On the flip side, the song “I Know Mine” definitely treats the sunrise as an ending. “I’m forever damned to the sunrise.” In this case, the sunrise is what separates the narrator from her lover. I was influenced by the Townes Van Zandt song “Our Mother The Mountain” when writing this one. I always imagined the “Lover” in Townes’ song to be some sort of witch, so that got my mind moving to write some type of vampire character. But what I was really trying to do was examine the idea of dawn (and dusk, I guess, too) — how dawn is such a magical time; it’s not completely dark nor completely light. But that line of thinking really stemmed from my ideas about the present, and how it doesn’t really exist, because as soon as we try to comprehend the present it’s already become the past. I see the present as some kind of flux state that doesn’t really exist. Which I guess is a paradox, or something, and that opens up a whole new can of worms. So it’s just easier to explore those ideas through writing about love affairs with vampires. It worked for those “Twilight” books, right?


Where did this airborn dog (statue) come from? Was it heavy? Where is it now?

Oh, yes, “Air Bud II: The Return.” Ha, ha! In my early 20s my grandmother got a new dog — a border collie — and my folks found that statue at who-knows-where and gave it to her that Christmas. She named the dog Baby Angel, and when Baby Angel saw that statue it freaked her out big-time. She did an about-face and took off with her tail tucked. It’s just made of plastic and not that heavy. I still have it. It’s kind of sentimental, I guess.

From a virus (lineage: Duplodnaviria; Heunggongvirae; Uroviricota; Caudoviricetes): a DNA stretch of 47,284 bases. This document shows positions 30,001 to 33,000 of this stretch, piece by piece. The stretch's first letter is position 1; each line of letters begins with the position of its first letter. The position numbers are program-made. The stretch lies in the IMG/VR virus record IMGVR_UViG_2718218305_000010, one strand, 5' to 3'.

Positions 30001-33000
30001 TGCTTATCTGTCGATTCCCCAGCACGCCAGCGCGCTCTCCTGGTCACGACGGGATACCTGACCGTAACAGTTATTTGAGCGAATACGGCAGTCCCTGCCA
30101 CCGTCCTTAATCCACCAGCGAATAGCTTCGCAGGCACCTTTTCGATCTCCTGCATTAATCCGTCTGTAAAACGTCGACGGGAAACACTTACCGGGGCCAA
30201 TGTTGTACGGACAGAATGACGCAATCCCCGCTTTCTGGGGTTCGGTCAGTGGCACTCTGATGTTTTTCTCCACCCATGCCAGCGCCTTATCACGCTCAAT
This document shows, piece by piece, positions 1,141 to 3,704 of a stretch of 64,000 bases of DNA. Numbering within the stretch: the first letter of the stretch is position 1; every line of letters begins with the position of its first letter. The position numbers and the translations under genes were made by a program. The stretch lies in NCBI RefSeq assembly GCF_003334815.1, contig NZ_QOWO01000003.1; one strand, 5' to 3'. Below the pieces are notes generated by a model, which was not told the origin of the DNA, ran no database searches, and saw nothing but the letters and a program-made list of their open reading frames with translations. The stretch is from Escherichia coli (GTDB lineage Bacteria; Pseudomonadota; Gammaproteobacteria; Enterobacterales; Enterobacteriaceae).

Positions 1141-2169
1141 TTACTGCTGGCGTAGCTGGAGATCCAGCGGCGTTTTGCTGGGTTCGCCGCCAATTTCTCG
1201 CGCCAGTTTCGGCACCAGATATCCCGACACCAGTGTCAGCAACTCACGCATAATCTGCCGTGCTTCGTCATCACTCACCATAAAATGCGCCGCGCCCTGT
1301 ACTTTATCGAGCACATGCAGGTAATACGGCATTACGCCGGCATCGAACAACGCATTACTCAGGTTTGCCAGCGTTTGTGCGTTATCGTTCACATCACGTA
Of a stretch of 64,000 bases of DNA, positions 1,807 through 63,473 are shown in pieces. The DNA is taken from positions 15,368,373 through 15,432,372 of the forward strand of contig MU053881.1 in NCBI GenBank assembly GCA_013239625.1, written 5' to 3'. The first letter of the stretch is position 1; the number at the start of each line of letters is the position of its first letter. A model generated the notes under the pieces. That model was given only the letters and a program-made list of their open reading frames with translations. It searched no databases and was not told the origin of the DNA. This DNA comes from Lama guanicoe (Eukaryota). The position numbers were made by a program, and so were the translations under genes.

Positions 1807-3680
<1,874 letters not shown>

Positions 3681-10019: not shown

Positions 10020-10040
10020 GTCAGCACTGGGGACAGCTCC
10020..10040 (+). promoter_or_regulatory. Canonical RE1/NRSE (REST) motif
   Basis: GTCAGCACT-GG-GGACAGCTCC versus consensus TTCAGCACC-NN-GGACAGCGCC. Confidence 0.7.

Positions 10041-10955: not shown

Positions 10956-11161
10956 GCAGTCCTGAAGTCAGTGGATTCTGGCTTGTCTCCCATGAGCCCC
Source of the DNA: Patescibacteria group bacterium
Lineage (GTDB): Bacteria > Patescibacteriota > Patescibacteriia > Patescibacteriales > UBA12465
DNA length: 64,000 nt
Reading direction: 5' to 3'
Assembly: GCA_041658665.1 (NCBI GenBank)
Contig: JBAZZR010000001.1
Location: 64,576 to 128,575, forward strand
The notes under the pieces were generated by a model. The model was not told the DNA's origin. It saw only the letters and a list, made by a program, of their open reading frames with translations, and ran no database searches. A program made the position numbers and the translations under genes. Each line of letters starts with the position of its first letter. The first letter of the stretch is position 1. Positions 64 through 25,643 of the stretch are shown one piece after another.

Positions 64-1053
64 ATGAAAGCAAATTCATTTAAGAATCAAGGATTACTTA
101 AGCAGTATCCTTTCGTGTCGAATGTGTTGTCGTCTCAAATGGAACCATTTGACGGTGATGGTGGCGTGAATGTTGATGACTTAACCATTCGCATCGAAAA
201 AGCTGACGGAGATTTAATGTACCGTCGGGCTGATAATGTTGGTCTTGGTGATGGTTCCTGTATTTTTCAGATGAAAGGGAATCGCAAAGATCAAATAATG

I heard a little piece of an interview on KABF-FM, 88.3, recorded sometime just before the release of the new record from Adam Faucett, who produced “Return.” Someone referred to “Return” as your “Chinese Democracy,” referring, I think, to the fact that “Left,” your last album, came out in 2007. Was the delay a matter of choice or circumstance? Do you feel like waiting to do it made the album more fully realized?

The lapse in time was definitely not a choice. About a year after “Left” came out, I recorded an album worth of stuff, but I didn’t have the money to put it out. This was pre-Bandcamp. I could’ve done CD-Rs, but they can be fickle. So I kept on touring and kicking around ideas of what to do with the recording. Before I knew it, a couple of years had passed, and at that point I had newer songs I thought were better, and I felt stronger as a performer, too. So I recorded some of the new stuff, then scrapped most of it for even newer, “better” songs. I don’t know; time really passes.